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My testing app for JPA tracks the number of pubs a user has visited in my town. I have this on the user object

@ManyToMany(mappedBy = "users")
private List<Pub> visited;

And the other side on the pub object

@ManyToMany(cascade = CascadeType.ALL)
@JoinTable(
    joinColumns =
@JoinColumn(name = "pubid"),
inverseJoinColumns =
@JoinColumn(name = "userid"))
protected Set<User> users;

However, I've updated the pub table with a column indicating that the pub has been closed. I only want the the user's visited List to contain active pubs so the question is

How can I conditionally join these objects so that only pubs that pass a test (e.g. table.closed=false) will be put in the user's visited list?

I'm using hibernate and postgres underneath.

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3 Answers 3

up vote 5 down vote accepted

I've solved this for the time being using the Hibernate specific @Where annotation. I just required an extra annotation on the user's pub collection like so:

@ManyToMany(mappedBy = "users")
@Where(clause="closed='false'")
private List<Pub> visited;

Of course I'm now locked in to Hibernate, which is not a huge problem for this project, but if anyone has a generic JPA solution I'd love to hear it.

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+1 Cool, good to know that there is a clean way, even considering the lock-in. –  kostja Oct 25 '12 at 10:37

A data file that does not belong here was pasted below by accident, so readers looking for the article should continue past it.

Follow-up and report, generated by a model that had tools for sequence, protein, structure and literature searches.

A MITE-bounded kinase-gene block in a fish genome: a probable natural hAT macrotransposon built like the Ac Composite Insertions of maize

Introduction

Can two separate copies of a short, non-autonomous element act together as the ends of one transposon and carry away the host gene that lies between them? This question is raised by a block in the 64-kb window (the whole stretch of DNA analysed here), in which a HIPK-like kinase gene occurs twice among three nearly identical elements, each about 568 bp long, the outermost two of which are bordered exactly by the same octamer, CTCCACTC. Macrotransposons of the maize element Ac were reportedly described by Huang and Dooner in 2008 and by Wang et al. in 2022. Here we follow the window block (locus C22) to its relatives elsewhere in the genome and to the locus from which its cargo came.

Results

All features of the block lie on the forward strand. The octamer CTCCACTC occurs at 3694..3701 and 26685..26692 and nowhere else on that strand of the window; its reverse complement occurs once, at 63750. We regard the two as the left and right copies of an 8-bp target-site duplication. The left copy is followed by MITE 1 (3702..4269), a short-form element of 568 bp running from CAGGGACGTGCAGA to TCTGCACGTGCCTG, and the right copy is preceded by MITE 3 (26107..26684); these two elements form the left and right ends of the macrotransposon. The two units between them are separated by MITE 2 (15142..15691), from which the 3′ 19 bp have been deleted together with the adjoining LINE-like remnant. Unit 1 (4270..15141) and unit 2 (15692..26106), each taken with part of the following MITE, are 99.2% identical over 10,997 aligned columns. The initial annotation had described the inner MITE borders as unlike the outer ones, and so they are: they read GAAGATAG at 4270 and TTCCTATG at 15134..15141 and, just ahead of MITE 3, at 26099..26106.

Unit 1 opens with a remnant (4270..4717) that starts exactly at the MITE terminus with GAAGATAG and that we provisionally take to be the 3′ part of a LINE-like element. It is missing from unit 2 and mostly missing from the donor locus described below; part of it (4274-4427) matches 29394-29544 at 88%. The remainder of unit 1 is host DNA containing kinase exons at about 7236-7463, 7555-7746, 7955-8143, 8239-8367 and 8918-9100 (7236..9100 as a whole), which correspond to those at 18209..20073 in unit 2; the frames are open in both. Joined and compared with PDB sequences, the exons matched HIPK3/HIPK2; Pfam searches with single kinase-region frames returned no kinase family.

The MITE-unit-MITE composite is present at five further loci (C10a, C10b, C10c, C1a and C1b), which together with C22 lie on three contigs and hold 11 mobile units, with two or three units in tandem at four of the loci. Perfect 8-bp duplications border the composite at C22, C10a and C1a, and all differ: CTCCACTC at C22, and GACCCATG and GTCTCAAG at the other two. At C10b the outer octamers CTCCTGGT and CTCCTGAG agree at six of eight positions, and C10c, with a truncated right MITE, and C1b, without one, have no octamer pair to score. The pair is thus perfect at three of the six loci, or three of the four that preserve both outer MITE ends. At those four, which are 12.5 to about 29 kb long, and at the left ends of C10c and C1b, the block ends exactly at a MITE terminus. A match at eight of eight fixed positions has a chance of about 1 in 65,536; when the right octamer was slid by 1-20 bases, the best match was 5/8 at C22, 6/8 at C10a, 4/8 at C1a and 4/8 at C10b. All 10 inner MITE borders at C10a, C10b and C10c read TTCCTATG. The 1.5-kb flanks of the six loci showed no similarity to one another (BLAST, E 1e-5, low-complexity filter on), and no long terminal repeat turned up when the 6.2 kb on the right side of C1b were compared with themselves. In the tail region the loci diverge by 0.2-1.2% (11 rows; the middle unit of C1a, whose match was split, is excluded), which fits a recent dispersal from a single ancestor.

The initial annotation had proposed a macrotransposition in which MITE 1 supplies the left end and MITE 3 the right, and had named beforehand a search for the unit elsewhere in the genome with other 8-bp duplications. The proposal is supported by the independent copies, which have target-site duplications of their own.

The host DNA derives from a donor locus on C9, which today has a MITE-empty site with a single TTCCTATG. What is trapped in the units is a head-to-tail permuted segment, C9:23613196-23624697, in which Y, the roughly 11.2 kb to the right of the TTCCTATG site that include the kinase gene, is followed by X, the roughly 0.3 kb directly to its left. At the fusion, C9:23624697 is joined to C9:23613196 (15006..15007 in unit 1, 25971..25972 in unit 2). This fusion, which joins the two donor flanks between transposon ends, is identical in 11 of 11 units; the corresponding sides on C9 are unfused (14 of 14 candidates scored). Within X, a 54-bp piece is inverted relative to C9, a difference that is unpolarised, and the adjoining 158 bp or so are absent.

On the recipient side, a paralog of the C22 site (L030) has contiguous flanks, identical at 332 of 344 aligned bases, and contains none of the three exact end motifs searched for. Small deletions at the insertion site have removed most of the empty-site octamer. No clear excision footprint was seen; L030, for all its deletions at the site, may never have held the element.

There are several ways to achieve, or rather simulate what you want, but unfortunately no really clean one.

You can use a @PostLoad method, either in the User entity itself, or in a dedicated listener (annotate your entity with @EntityListeners(YourFilter.class) to configure the listener.). In this method, you can filter the entities the way you want them.

The major problem with this approach is that when you persist/merge, the changes made by the filter will be persisted as well.

This can be avoided - you can have a separate, transient list to hold the filtered pubs in addition to the original persistent one. Or you could leave the PostLoad filtering be and simply filter in the getter. This may sound dirty, but the listener approach is dirty in disguise.

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Sounds feasible, but surely there's a way I can get this to happen at query level? In plain SQL this would just be an additional where condition. Is it possible to replace the join query generated by the @ManyToMany annotation with a custom query perhaps? –  Ollie Edwards Oct 25 '12 at 8:32

You can use subclassing to create a pure JPA solution:

  • Use "closed" field as @DiscriminatorColumn on Pub.
  • Create a new Class "OpenPubs" and use the "false" as @DiscriminatorValue
  • Map "visited" to the Subclass "OpenPubs"
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